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CNBC Speaks to Beth Kaufman on Widely Ignored Estate Tax Requirement

November 4, 2015, CNBC

Caplin & Drysdale's President, Beth Shapiro Kaufman, spoke with CNBC concerning the U.S. tax law requiring estates of foreign holders of certain U.S. assets, such as stocks, real estate, or valuables, are required to pay estate taxes on those assets after the death of the owner.  Ms. Kaufman, who formerly served in the U.S. Treasury Department's Office of Tax Policy overseeing tax policy matters affecting trusts and estates, said "foreigners would be astounded to learn that they owed any U.S. tax."  She goes on to say that people "don't pay because there isn't any enforcement mechanism for it."  For the complete article, please visit CNBC's website.

Excerpt taken from the article.

One estate tax expert, shown those IRS figures by CNBC, said the numbers are simply not plausible. "Seventy-two is not a believable number," said Beth Shapiro Kaufman, an attorney at the law firm Caplin & Drysdale who specializes in estate planning for wealthy individuals. "There must be some serious slippage here."

To Kaufman, who earlier in her career served in the Treasury Department's Office of Tax Policy overseeing tax policy matters affecting trusts and estates, the IRS' accounting for how much estate tax is actually paid by foreigners suggests a large amount of money is missing. "It appears that there are substantial amounts of tax not being paid," she said.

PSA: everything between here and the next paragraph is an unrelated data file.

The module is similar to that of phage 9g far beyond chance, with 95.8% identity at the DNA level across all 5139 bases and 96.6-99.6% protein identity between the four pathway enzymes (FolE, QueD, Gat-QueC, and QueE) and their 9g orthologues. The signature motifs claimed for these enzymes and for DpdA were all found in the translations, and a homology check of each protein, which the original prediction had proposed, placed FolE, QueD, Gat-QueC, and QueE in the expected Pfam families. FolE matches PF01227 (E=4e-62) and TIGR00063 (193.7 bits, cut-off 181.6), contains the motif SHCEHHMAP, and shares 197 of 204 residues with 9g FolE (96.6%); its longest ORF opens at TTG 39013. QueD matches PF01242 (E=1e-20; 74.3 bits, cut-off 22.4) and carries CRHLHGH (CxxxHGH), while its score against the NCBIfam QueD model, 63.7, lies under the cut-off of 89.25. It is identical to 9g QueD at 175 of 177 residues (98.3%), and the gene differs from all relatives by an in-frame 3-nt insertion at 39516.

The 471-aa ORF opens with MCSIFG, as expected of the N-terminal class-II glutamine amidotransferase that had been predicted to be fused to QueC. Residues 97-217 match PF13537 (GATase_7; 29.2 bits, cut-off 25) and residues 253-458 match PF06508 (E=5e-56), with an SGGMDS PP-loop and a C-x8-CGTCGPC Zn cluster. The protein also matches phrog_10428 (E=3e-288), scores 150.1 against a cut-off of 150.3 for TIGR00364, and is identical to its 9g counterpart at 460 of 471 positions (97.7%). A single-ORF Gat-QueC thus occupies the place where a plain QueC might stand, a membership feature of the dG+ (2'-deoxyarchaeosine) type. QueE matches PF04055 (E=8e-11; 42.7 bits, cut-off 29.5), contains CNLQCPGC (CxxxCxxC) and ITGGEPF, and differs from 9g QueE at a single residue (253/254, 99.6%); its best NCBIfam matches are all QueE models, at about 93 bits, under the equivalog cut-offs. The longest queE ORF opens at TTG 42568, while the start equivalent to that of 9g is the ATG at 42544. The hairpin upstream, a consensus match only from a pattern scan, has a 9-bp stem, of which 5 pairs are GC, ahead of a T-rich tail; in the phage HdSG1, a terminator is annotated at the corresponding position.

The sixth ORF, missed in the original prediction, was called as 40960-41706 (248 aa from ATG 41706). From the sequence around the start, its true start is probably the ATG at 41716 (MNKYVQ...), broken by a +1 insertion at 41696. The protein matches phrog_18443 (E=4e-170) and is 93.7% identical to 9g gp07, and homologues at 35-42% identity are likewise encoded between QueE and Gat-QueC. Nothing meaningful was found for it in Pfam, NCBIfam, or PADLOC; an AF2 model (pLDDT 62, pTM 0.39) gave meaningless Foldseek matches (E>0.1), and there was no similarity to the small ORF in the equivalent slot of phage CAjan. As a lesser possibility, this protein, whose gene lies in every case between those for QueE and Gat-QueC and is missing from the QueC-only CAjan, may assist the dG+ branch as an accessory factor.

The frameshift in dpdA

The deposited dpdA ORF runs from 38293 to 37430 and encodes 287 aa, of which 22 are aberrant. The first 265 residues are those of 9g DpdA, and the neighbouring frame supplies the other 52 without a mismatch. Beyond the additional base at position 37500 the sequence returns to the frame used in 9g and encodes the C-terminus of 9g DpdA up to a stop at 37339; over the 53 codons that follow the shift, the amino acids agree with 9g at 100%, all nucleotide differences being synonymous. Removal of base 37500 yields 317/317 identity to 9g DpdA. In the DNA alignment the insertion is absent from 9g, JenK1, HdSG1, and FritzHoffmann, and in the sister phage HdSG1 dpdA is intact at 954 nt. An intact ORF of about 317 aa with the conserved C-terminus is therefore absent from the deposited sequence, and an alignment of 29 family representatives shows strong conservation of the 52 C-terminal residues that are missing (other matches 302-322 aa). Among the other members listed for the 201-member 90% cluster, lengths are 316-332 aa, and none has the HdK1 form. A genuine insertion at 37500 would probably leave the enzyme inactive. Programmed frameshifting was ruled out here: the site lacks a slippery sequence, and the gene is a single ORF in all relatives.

Why is that? Partly because most foreigners have no idea how U.S. tax law treats U.S. assets, Kaufman said. "A number of foreigners would be astounded to learn that they owed any U.S. tax," Kaufman said. Another reason is it would be difficult for the IRS to reach into foreign countries to try to collect the tax it says it is owed. "It could be a failure of enforcement when people are aware that they owe the taxes, but they simply don't pay because there isn't any enforcement mechanism for it," Kaufman said.

.  .  .

One question is just how enforceable the IRS rules are, considering that they apply to people who live outside U.S. legal jurisdiction and who may not travel to or have business in the United States. Kaufman said any effort to vigorously enforce the foreign estate tax would require new laws as well as policy changes by American regulators.

One start, she said, would be a rule blocking the sale of U.S. equities to foreign accounts that don't have a specific Social Security or Individual Taxpayer Identification Number associated with them.

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